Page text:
Keynote speaker Carolyn Porco is an American planetary scientist known for her work in the exploration of the outer solar system. Porco is the Director of the Cassini Imaging Central Laboratory for OPerationS (CICLOPS) at the Space Science Institute in Boulder, Colorado. Her scientific research is presently focused on planetary rings and the Saturnian moon, Enceladus. She is a noted speaker and has presented twice at the TED conferences.
American Space Scientist and Popular Speaker
Carolyn Porco’s work began with her imaging work on the Voyager mission to Jupiter, Saturn, Uranus, and Neptune in the 1980s. She leads the imaging science team on the Cassini mission now in orbit around Saturn, and is an imaging scientist on the New Horizons mission launched to Pluto on January 19, 2006.
Porco is the Director of the Cassini Imaging Central Laboratory for OPerationS (CICLOPS) at the Space Science Institute in Boulder, Colorado which is the center of uplink and downlink operations for the Cassini imaging science experiment, and the place where Cassini images are processed for release to the public. She is also an Adjunct Professor at the University of Colorado in Boulder.
Porco received her Ph.D. degree in 1983 from the California Institute of Technology in the Division of Geological and Planetary Sciences. In the fall of 1983, she joined the faculty in the Department of Planetary Sciences within the University of Arizona; the same year she was made a member of the Voyager Imaging Team.
She was a tenured professor at the University of Arizona for 10 years and won several University awards. She was a finalist for the Five Star Faculty Teaching award … a campus-wide student-nominated, student-judged award for outstanding undergraduate teaching.
She has co-authored over 100 scientific papers in the planetary sciences, including a large suite of results on the atmosphere, satellites, and rings of Saturn from the Cassini imaging experiment.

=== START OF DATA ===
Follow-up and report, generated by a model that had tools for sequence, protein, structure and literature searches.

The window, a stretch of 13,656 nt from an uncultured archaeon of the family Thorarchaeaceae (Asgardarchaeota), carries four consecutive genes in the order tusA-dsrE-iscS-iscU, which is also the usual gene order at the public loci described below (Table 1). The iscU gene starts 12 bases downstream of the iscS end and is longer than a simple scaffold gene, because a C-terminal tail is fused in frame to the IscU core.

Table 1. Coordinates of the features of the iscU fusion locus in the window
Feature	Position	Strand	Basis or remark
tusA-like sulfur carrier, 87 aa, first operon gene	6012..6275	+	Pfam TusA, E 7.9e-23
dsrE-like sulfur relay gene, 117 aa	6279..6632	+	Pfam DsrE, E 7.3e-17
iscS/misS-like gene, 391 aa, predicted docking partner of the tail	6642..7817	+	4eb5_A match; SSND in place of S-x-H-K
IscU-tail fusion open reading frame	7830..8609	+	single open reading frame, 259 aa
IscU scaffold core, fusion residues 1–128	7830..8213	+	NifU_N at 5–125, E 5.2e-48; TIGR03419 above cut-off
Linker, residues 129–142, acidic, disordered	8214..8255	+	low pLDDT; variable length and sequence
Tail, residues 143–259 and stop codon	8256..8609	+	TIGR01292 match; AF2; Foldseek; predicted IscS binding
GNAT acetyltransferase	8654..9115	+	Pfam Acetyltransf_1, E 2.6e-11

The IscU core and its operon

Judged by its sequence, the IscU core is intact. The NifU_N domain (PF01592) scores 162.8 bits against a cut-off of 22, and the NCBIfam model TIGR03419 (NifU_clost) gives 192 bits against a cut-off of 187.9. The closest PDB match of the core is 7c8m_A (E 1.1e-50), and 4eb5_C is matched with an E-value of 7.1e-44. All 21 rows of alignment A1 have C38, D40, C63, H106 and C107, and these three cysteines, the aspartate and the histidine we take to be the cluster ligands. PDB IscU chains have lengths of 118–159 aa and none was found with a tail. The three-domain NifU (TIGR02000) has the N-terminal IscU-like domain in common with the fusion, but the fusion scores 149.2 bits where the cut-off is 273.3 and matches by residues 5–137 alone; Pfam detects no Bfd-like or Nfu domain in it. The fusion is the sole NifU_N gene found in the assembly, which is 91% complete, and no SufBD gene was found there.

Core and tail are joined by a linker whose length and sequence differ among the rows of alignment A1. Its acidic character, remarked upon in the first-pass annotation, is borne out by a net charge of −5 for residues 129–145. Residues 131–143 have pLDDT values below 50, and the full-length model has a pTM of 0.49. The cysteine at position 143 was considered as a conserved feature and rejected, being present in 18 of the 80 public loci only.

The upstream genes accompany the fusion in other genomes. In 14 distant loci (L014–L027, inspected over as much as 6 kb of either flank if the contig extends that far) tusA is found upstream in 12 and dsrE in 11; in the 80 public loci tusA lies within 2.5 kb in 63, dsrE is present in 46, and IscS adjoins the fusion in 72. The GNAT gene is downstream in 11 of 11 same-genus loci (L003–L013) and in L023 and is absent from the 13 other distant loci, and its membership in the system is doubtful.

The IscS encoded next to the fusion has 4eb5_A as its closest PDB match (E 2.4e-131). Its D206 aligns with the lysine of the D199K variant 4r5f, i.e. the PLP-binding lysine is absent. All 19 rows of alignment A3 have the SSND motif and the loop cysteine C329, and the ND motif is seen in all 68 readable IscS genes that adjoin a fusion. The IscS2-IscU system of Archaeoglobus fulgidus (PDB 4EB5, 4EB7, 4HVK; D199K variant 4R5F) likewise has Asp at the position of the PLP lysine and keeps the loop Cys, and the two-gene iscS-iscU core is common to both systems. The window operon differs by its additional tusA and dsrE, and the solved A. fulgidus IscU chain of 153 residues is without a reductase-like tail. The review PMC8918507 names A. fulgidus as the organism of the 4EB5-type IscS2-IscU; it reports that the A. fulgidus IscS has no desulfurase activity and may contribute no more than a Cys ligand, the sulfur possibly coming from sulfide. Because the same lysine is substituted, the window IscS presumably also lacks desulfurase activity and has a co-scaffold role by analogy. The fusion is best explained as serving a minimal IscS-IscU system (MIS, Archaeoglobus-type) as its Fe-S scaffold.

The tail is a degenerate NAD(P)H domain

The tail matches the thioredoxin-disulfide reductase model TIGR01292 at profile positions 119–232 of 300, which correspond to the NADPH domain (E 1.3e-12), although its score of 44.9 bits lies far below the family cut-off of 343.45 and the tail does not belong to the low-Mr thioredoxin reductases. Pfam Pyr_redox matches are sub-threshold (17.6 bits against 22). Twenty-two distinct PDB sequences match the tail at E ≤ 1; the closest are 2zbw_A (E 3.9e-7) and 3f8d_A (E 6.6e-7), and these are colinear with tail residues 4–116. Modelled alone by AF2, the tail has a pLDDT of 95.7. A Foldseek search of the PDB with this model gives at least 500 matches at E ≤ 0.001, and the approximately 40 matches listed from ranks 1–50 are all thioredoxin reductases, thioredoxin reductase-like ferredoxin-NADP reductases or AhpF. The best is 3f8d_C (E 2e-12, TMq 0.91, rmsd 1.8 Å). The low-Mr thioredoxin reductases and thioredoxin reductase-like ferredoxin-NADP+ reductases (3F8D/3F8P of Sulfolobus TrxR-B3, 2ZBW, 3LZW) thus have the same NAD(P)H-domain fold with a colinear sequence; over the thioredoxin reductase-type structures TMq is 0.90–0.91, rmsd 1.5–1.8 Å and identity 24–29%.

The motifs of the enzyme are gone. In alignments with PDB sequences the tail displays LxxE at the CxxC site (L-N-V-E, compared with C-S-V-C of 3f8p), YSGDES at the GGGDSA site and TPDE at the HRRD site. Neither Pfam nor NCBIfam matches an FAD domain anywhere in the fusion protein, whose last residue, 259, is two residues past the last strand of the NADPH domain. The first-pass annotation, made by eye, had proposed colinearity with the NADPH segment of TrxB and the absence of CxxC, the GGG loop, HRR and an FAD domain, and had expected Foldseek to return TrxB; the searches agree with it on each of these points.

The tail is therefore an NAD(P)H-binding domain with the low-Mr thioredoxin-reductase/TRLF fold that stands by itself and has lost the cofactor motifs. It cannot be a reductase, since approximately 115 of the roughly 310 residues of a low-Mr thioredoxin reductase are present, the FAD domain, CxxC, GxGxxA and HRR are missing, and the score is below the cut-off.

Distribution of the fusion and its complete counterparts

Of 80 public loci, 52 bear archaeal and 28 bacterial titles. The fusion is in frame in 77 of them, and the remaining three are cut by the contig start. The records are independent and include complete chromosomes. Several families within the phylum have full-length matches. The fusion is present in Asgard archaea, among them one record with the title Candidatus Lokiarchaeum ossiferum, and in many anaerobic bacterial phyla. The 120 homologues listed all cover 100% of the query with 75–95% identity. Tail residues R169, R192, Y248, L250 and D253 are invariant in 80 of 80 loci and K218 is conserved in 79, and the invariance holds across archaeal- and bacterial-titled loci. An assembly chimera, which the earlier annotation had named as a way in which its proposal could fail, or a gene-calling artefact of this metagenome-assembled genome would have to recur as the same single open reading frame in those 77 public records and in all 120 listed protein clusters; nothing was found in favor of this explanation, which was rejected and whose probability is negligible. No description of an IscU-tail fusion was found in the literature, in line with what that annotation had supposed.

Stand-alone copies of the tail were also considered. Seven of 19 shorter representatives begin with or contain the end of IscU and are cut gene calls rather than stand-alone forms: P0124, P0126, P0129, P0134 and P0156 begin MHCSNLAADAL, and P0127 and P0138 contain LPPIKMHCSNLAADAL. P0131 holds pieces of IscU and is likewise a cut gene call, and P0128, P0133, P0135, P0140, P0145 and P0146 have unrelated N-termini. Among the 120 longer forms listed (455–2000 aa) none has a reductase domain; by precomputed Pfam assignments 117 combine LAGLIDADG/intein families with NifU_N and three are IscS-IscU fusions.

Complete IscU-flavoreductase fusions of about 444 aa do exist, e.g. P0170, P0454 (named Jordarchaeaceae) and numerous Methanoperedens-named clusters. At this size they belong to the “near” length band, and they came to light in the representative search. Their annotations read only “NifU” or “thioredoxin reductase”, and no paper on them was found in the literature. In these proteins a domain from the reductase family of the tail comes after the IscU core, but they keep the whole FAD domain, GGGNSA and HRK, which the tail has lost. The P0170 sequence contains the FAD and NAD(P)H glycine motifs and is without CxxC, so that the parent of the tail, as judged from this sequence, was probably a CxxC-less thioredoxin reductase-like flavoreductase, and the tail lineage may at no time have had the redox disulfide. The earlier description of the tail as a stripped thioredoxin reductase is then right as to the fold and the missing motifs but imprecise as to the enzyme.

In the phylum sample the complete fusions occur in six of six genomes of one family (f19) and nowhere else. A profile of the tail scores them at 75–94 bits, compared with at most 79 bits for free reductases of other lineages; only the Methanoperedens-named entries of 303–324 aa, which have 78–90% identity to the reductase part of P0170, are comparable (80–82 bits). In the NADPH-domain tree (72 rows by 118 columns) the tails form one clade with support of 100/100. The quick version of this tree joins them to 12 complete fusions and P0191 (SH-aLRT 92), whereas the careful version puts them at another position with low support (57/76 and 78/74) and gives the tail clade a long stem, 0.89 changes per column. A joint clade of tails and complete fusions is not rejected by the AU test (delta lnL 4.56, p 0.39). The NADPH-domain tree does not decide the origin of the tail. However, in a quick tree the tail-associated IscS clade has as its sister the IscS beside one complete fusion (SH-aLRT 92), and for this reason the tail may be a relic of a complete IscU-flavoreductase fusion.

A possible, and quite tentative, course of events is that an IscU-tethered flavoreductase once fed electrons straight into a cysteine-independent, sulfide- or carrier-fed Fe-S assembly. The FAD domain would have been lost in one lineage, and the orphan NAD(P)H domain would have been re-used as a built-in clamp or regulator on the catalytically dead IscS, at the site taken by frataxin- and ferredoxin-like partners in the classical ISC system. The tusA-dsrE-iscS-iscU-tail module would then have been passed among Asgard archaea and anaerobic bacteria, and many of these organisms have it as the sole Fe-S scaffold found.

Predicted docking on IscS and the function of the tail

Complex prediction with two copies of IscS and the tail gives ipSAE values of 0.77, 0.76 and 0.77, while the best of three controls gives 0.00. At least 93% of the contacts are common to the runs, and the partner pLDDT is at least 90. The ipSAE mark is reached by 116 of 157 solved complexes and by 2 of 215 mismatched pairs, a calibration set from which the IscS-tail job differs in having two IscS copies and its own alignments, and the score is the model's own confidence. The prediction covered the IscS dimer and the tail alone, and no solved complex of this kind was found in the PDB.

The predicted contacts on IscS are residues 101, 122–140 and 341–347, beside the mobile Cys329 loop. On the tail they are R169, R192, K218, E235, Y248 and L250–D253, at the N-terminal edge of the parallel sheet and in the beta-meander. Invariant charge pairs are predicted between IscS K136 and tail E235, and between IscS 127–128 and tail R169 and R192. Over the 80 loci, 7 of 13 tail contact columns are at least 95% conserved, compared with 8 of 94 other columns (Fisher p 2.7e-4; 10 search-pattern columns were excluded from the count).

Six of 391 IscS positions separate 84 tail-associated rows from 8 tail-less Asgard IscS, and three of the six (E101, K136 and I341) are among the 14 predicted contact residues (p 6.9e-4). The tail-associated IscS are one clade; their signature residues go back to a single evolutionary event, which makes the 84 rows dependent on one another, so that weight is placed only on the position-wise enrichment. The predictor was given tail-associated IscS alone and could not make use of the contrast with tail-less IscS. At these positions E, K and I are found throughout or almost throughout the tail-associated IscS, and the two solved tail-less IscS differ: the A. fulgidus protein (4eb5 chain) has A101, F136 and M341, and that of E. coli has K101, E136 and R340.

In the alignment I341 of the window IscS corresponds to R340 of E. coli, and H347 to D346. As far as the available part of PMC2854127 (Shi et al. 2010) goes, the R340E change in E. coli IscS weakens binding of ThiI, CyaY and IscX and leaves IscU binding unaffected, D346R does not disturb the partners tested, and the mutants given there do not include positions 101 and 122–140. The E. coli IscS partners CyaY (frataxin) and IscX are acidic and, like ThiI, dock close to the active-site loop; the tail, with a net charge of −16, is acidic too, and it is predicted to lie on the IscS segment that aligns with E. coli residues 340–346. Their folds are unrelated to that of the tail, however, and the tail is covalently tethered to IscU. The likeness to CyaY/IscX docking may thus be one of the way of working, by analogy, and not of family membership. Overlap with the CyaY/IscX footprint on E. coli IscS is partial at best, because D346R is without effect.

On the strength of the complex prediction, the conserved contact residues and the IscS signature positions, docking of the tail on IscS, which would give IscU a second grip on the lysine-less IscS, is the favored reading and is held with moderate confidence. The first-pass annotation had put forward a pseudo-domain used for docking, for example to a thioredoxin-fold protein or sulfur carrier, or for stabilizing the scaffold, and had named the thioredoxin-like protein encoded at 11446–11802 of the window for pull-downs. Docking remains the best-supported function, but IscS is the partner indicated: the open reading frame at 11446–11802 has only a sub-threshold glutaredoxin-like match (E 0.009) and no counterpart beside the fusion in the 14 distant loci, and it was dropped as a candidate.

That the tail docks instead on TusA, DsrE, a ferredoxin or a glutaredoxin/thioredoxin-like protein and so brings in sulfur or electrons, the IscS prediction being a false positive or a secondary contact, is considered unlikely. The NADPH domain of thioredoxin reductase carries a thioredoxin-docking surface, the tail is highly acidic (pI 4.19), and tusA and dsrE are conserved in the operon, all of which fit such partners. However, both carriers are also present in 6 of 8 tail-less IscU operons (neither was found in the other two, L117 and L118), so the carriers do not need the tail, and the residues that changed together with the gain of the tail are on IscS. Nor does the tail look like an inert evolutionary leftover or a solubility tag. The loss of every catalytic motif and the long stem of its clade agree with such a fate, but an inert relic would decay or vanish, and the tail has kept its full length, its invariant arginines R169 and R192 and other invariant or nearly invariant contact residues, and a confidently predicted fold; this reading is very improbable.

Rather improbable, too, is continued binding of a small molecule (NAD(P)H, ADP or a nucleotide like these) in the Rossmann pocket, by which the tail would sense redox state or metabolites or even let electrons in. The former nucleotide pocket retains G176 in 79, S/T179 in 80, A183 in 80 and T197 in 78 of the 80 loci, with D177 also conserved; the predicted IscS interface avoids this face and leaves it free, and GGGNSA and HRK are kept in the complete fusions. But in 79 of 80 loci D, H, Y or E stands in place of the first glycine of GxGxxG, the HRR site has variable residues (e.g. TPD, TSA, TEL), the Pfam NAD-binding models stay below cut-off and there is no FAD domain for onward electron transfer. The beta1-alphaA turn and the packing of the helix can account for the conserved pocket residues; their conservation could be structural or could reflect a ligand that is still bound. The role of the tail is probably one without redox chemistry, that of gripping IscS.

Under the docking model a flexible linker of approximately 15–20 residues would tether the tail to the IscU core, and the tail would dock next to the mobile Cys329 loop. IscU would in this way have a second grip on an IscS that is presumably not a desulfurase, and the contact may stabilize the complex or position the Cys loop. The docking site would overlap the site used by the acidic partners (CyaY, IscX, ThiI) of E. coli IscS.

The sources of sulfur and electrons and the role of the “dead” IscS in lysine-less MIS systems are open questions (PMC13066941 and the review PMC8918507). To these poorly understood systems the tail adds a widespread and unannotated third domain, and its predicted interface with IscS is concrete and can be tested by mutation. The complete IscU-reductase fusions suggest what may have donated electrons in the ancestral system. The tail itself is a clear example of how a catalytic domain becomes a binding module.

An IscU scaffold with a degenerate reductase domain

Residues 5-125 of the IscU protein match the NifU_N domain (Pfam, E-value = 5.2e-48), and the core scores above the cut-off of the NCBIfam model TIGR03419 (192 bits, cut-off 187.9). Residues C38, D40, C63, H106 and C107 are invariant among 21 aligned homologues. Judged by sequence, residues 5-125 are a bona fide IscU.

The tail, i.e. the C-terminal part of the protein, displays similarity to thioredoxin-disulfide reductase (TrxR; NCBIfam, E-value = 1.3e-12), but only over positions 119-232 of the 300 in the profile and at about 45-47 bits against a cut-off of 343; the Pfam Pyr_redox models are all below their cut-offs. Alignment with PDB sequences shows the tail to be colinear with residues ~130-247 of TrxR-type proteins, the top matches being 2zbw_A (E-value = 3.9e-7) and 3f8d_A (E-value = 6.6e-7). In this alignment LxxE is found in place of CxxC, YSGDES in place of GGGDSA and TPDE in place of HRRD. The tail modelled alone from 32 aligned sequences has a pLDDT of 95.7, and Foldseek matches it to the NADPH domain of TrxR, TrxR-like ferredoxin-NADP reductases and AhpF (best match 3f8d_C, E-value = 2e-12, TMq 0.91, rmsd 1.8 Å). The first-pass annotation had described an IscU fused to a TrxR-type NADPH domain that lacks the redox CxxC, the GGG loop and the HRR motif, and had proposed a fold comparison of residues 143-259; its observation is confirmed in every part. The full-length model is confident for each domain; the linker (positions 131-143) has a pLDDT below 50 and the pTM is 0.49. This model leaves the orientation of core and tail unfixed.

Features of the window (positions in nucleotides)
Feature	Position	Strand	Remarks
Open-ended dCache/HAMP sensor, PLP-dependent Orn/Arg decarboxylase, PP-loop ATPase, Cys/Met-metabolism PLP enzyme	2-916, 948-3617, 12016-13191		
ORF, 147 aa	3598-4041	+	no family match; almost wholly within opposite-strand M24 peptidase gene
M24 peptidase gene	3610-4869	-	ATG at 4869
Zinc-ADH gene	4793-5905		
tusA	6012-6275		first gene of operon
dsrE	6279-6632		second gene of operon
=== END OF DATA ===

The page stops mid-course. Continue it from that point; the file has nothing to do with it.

She has been an active participant in guiding the American planetary exploration program through membership on many NASA advisory committees. In 2001-2002, she served as the Vice Chairperson of the Steering Group for the Solar System Decadal Survey, sponsored by the National Academy of Sciences and NASA.
She has made many web, radio and television appearances explaining science to the layman, including appearances on the MacNeil/Lehrer Newshour, CBS’ “60 Minutes”, Peter Jennings’ documentary “The Century”, and TV programs on planetary exploration such as “Cosmic Journey: The Voyager Interstellar Mission and Message” on A&E, “The Planets” on the Discovery Channel, and many documentaries on the Cassini mission. Between 2005 and 2007, Porco was a regular CNN guest analyst and consultant on astronomy and planetary exploration. Her popular scientific writings have appeared in a variety of publications, including the Guardian, The Sunday Times (London), Astronomy, Arizona Daily Star, Sky & Telescope, American Scientist, Scientific American and New Statesman. She is the creator/editor of the CICLOPS website http://ciclops.org where Cassini images are posted for public consumption. She is the CEO of Diamond Sky Productions, a company devoted to the scientific, as well as artful, use of planetary images and computer graphics for the presentation of science to the public. For her skill and passion in promoting science to the public, she was awarded the Carl Sagan Medal for Excellence in the Communication of Science to the Public by the American Astronomical Society in 2010.
She is a noted public speaker and has presented twice at the TED conference, once in 2007 and again in 2009. These two presentations are among the most popular on the TED website. She opened the May 10, 2008 worldwide multi-media event known as Pangea Day with a speech illustrating humanity’s cosmic place.
In 1999, she was selected by The Sunday Times (London) as one of 18 scientific leaders of the 21st century. In 2008, she received the Isaac Asimov Science Award by the American Humanist Association, and was chosen by Wired Magazine as one of 15 people the next President of the United States should listen to. In 2009, she was awarded an Honorary Doctorate of Science from Stony Brook University and the Lennart Nilsson Award for excellence in scientific photography, and was chosen as one of fifty people who matter by New Statesman.
She was responsible for the epitaph and proposal to honor the late renowned planetary geologist Eugene Shoemaker by sending his cremains to the Moon aboard the Lunar Prospector spacecraft in 1998.
She was personally invited by Carl Sagan to be the character consultant on the Warner Bros. movie Contact based on the novel by Sagan, and she was the science advisor on the 2009 Paramount Pictures film Star Trek. Asteroid Porco 7231 is named in her honor.
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